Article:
It has been a while since the Gnome Shell first came out with its “radical” changes. One major change was the removal of the “Minimize” and “Maximize” buttons and some people are still a bit (or quite) mad at Gnome developers for removing those beloved buttons (;-)) from the Window controls and they deserve a bit of an explanation.
The “Maximize” function is not actually criticized (as far as I know) as you can maximize a window easily by dragging them towards the top menu-bar for instance. Despite the fact that there isn’t a “place” to minimize a window, due to the UI design of Gnome Shell, some people still kinda miss it (including me).
Then again, just because the “minimize” buttons isn’t there doesn’t mean the whole idea of “minimization” is missing, as you can use the “workspaces” as a somewhat an alternative method.
It however, does not give you the exact functionality of the old method and can also be a bit hectic while doing so as well (when comparing with the act of simply “clicking the Minimize button” that is).
Anyhow, again, it’s been quite a while since this has happened and I don’t know if it’s worth giving personal opinions again and again over it. But if you still have thoughts inside your head that say “what the heck happened?!” 😀 and would like to have a “reasonable explanation” which led to such decisions, then there’s this Gnome mailing list that I found today (you perhaps may have read it already) that might worth reading (it’s not that long).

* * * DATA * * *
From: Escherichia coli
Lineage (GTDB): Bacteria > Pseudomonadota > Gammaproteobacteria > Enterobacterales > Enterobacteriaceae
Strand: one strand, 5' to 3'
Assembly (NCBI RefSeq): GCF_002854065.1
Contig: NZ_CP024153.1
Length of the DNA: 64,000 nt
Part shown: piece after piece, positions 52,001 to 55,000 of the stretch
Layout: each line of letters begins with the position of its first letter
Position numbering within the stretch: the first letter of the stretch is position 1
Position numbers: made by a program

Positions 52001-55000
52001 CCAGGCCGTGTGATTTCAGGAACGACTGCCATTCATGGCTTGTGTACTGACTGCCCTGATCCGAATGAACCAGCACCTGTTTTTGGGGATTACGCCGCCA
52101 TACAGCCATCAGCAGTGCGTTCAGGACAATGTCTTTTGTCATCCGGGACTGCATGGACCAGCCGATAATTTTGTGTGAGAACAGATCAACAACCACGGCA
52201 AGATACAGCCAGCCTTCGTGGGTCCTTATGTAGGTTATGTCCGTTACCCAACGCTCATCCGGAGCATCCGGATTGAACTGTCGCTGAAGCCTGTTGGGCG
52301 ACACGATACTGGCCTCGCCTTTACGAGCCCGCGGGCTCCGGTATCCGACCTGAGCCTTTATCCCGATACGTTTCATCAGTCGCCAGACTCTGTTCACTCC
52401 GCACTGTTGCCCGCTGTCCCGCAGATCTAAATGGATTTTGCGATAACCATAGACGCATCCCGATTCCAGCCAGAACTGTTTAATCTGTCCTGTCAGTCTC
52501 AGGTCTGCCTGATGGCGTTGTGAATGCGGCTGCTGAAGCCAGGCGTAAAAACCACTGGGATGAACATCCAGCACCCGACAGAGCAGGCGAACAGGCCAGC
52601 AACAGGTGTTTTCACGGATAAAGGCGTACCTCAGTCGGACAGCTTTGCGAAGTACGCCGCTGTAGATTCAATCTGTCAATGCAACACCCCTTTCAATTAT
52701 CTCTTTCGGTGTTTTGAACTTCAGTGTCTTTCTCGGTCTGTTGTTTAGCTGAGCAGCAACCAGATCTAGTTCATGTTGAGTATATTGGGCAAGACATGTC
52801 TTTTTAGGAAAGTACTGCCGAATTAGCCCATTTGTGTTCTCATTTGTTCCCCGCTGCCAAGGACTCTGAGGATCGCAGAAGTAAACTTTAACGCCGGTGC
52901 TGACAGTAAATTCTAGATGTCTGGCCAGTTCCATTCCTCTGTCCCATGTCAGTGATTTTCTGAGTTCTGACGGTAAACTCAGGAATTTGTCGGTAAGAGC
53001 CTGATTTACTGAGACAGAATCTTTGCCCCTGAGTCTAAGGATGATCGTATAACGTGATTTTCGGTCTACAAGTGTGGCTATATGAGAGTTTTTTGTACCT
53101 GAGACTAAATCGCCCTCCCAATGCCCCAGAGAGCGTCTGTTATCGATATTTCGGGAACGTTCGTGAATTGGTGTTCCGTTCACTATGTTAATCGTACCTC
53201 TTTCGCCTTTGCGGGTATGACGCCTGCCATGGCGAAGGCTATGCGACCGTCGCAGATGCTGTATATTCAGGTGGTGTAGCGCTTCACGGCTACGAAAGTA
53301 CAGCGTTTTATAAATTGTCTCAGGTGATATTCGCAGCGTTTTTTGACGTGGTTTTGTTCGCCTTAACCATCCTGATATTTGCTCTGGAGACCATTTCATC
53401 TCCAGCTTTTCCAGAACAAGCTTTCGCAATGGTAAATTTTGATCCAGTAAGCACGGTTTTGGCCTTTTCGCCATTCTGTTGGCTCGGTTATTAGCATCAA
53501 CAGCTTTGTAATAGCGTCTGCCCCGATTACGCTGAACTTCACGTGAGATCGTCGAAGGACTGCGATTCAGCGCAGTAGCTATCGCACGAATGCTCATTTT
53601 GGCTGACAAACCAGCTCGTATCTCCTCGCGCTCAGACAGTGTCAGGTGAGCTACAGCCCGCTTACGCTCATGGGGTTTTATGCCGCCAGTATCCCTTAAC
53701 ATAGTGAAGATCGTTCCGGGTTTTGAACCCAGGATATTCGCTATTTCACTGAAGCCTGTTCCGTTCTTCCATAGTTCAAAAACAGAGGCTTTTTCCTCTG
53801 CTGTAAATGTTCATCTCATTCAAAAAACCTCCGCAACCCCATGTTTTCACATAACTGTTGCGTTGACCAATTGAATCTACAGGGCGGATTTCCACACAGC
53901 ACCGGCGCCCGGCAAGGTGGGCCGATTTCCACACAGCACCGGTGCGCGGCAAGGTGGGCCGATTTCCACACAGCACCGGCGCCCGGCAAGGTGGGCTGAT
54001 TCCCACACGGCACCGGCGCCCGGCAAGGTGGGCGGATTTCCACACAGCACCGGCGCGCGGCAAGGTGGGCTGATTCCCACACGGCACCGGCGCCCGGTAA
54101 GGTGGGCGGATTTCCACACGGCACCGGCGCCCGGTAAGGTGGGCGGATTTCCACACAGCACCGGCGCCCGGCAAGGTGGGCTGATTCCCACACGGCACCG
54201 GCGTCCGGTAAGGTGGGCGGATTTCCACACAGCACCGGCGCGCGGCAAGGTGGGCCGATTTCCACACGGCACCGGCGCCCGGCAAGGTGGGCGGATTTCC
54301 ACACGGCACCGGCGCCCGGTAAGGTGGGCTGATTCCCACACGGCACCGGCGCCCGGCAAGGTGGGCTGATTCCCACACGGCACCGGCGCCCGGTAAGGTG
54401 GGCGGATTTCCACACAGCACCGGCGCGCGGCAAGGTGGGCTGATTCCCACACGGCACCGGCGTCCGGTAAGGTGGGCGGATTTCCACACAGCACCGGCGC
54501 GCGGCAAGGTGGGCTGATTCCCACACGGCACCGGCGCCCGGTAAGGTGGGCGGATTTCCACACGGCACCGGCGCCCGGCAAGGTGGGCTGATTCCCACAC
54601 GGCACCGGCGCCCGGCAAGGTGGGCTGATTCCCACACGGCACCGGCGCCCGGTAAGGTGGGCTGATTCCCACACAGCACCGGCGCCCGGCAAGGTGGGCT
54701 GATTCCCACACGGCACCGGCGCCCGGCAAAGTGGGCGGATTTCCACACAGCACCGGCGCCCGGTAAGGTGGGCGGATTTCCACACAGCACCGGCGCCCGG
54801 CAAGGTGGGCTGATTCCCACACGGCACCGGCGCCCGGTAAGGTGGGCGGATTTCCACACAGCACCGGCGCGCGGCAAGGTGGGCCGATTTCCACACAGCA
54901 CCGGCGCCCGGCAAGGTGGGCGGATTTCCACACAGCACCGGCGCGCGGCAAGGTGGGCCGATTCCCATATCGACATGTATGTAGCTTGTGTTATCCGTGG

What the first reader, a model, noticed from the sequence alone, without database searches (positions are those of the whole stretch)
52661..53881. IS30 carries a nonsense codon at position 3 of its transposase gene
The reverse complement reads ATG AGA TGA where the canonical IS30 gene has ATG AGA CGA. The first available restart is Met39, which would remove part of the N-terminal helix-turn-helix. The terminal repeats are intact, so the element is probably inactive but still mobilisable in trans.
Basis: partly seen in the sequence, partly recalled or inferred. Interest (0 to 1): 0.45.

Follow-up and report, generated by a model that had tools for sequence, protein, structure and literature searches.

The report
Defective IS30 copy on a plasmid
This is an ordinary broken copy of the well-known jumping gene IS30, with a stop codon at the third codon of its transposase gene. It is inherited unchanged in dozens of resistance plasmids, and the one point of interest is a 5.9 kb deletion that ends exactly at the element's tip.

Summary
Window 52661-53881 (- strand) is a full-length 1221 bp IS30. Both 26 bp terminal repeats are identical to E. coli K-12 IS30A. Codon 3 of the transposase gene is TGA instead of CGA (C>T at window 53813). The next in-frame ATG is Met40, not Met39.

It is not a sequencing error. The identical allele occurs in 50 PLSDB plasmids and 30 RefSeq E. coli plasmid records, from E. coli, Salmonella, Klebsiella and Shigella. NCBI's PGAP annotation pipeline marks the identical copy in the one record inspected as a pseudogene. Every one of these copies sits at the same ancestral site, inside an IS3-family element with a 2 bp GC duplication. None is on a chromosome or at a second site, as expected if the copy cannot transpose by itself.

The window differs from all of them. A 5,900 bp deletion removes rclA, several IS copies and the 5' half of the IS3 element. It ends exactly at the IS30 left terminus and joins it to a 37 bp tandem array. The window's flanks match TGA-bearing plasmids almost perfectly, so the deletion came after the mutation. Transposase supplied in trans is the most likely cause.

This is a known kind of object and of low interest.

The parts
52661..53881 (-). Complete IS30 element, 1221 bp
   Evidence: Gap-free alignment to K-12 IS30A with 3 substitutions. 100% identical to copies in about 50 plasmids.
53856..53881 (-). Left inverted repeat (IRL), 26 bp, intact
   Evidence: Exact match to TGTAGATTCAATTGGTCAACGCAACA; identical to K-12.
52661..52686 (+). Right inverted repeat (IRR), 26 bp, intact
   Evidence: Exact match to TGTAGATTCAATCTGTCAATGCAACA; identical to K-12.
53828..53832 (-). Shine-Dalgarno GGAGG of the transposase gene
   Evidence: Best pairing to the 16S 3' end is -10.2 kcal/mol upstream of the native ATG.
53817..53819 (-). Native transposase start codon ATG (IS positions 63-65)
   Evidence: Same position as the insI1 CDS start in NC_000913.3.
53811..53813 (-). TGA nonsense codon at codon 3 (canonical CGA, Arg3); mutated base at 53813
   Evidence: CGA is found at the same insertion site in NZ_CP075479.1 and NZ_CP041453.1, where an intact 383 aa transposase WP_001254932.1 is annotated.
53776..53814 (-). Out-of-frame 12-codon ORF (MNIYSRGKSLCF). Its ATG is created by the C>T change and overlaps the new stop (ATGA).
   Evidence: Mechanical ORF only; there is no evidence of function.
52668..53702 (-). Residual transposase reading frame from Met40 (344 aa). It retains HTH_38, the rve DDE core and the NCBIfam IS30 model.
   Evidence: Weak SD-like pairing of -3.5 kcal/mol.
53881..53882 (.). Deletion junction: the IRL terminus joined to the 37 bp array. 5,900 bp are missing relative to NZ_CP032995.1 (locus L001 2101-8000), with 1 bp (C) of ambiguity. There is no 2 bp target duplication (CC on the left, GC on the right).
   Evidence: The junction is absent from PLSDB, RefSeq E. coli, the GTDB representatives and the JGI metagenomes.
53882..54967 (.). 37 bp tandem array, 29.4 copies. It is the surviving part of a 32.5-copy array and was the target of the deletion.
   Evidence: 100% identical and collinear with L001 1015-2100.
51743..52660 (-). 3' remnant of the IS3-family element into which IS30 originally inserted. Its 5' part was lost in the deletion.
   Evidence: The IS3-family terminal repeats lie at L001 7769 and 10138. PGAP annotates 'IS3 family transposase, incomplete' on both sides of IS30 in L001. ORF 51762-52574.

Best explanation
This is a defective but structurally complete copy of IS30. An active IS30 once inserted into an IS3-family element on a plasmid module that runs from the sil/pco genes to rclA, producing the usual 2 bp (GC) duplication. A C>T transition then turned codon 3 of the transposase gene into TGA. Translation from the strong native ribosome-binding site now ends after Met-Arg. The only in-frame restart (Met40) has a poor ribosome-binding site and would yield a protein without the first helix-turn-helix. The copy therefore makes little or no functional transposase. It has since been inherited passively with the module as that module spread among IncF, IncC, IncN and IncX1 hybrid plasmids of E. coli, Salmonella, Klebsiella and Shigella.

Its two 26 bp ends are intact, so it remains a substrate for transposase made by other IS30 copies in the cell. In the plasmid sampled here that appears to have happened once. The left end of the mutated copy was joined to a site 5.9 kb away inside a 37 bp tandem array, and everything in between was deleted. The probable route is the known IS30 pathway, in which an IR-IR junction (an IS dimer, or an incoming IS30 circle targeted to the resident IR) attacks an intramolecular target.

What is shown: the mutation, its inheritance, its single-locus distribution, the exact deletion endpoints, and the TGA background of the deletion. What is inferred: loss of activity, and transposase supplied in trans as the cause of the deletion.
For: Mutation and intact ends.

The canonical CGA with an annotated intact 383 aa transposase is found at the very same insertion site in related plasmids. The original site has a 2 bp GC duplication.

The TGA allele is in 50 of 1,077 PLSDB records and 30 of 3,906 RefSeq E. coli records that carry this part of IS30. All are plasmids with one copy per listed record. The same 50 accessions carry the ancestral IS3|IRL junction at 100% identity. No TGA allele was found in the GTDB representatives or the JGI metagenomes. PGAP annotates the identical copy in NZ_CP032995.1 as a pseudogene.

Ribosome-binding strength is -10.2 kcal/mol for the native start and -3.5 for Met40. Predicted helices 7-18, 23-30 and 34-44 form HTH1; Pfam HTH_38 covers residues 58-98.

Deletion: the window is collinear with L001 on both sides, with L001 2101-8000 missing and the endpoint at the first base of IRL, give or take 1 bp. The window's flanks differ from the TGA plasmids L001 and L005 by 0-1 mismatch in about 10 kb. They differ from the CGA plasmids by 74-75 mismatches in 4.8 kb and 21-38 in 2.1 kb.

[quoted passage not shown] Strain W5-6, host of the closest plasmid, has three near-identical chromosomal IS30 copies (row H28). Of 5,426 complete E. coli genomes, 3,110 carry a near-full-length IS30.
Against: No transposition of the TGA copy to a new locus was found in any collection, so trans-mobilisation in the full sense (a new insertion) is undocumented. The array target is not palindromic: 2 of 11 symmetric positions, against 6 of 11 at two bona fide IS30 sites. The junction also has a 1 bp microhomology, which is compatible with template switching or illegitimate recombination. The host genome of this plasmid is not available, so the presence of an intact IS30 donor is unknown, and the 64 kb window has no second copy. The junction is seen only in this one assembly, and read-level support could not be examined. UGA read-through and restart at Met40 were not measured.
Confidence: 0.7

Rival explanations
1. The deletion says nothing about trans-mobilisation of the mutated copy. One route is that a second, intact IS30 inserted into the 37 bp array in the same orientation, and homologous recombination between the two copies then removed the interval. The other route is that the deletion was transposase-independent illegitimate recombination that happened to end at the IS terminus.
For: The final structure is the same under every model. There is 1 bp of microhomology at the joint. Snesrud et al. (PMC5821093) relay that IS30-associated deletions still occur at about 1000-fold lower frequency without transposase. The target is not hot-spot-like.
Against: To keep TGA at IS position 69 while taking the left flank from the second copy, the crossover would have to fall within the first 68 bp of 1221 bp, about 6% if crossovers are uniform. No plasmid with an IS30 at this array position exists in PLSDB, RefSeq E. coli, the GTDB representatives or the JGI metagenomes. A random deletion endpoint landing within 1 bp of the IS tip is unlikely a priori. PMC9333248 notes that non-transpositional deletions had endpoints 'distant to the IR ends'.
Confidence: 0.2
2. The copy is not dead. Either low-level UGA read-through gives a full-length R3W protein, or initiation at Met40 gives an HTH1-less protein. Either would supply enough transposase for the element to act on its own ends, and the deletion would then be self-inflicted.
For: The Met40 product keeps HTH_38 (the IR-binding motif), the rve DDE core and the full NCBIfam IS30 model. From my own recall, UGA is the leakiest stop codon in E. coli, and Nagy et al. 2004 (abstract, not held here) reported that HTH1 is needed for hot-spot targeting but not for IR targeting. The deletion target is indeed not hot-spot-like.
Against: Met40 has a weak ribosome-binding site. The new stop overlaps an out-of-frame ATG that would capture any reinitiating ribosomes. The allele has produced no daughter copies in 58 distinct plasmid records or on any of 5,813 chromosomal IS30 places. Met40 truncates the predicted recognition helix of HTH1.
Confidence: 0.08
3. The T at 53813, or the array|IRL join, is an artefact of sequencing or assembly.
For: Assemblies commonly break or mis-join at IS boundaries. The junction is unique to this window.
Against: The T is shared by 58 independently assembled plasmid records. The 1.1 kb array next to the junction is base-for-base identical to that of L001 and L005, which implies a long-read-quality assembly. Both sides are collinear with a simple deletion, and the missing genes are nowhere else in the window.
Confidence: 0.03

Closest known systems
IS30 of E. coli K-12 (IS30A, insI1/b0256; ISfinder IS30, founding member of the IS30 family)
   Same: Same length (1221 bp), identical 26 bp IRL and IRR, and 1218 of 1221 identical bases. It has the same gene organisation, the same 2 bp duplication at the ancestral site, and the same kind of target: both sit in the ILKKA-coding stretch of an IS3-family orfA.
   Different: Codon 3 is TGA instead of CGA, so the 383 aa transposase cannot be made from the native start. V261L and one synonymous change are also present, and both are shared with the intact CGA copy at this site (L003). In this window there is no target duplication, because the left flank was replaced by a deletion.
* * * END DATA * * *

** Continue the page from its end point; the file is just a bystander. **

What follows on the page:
The mailing list took place about 2-3 months before the initial release of Gnome Shell and is written by “Owen Taylor” (a RedHat engineer). And I honestly don’t know how you feel about this approach, you might still be quite pissed off or perhaps have “moved on” or actually loving the new implementation over the old/classic one.
But apart from all that, one thing that bugs me is the fact that (according to that mailing list message) this new “window controls implementation” is based on the experiences of two individuals! (two experienced, power users).
However, I don’t think it’s necessarily a bad thing to implement something new by based on the experiences of a few. Because sometimes, a single opinion of an experienced professional can outperform the opinions of a thousand others, resulting an “optimized” outcome for the community.
But I think most would agree to the fact that, life is not always about trying to give out the “best”, or trying to improve things using the best possible “sources”, because what matters the most at the end, is having the decency to … you know what, let me quote ” The Godfather” here 😉 …
” … you (to ‘Bonasera’) come to me, and you say: ‘Don Corleone, give me justice.’ But you don’t ask with respect. You don’t offer friendship. You don’t even think to call me Godfather. Instead …”
Is it too much to ask ? (I hope I didn’t offend anyone, especially the Gnome developers, I respect your work, a lot).